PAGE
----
March's rate was up from a revised 10.9 percent in February and well above the national rate of 8.5 percent. But South Carolina fell from second to third in the nation, now trailing Michigan at 12.6 percent and Oregon at 12.1 percent.
Job-seeker Renee Harney, 33, said the Columbia unemployment office she frequents is as full as she has ever seen it. She said she's been out of work since she was let go in September from a job teaching coping skills to recovering drug addicts and has stopped being picky about where she applies.
"I've applied to UPS and I've applied to Burger King. I fall in that Catch-22. I'm overqualified for Burger King, but I'm unqualified for anything that pays well," said Ms. Harney, who has considered going back to school but thinks it's too expensive.
She said she is existing solely on her unemployment benefits, which run out in a few months. After that? "It's the blood bank, I guess. My family is in just as bad shape as me."
South Carolina's unemployment rate was 5.7 percent in February 2008, when the 13 months of increases began. Since then, the number of unemployed workers in the state has more than doubled to about 248,600 in March, an increase of about 10,000 workers from the month before, according to the commission.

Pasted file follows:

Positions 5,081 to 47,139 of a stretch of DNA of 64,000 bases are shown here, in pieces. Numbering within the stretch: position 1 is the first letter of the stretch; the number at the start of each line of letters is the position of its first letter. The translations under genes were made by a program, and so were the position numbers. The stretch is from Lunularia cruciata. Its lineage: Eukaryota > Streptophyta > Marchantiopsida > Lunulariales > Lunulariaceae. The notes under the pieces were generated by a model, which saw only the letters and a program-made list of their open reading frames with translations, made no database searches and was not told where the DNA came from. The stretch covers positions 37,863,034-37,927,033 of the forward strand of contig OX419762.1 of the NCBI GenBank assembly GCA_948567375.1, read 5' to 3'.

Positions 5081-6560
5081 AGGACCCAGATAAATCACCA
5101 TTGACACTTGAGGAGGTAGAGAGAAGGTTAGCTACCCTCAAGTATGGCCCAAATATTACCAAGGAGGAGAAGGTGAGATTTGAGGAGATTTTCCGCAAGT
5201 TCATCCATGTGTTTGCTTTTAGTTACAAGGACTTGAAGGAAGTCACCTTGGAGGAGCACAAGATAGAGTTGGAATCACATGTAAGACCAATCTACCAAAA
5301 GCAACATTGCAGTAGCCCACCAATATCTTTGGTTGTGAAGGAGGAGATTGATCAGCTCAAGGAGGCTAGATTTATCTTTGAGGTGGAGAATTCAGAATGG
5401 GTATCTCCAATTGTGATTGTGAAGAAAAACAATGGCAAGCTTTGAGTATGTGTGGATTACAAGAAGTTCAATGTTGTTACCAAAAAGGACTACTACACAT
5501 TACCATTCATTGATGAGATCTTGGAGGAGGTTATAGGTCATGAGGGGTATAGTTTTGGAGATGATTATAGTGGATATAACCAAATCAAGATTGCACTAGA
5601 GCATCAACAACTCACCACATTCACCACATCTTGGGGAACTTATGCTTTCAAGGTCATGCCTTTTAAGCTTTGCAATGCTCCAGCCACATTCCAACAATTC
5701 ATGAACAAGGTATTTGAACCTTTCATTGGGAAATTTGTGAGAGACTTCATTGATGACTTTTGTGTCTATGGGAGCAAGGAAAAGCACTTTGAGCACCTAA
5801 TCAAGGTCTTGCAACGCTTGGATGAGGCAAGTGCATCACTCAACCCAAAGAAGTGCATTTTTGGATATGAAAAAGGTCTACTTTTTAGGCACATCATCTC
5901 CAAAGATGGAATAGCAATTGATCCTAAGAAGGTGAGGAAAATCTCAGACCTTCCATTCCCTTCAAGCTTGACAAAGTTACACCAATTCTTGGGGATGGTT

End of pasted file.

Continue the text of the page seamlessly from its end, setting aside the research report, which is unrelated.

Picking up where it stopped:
"One of the things we've learned over the last 12 months, unfortunately, is the more pessimistic you've been, the more accurate you've been," Coastal Carolina University economist Don Schunk said.
The only other time unemployment was this high in South Carolina was January 1983. During that recession, the unemployment rate stayed over 10 percent for 15 months.
There was some good news in Friday's report: The number of jobs in hospitality and leisure, health and education increased in March. But that was offset by continuing declines in construction and agricultural jobs, the commission said.
The number of people working or looking for a job in South Carolina dropped by about 4,000 people to 2,185,500.
The outlook for the rest of 2009 isn't good, said Mr. Schunk, who expects the jobless rate to peak at 14 percent to 15 percent by the end of the year. Even if the economy is improving by then, he doesn't expect the rate to fall as fast as it climbed.
"Businesses will be very cautious about hiring back large numbers of workers. They are going to wait and see if the recovery is real," Mr. Schunk said. "And the people who have completely given up on finding a job will come out of the woodwork."
Allendale County continued to have South Carolina's highest unemployment rate in March at 22.3 percent, but that was down one percentage point from February. Three other counties -- Marion, Chester and Union -- had rates of 20 percent or above.
Lexington County had the lowest rate at 7.9 percent.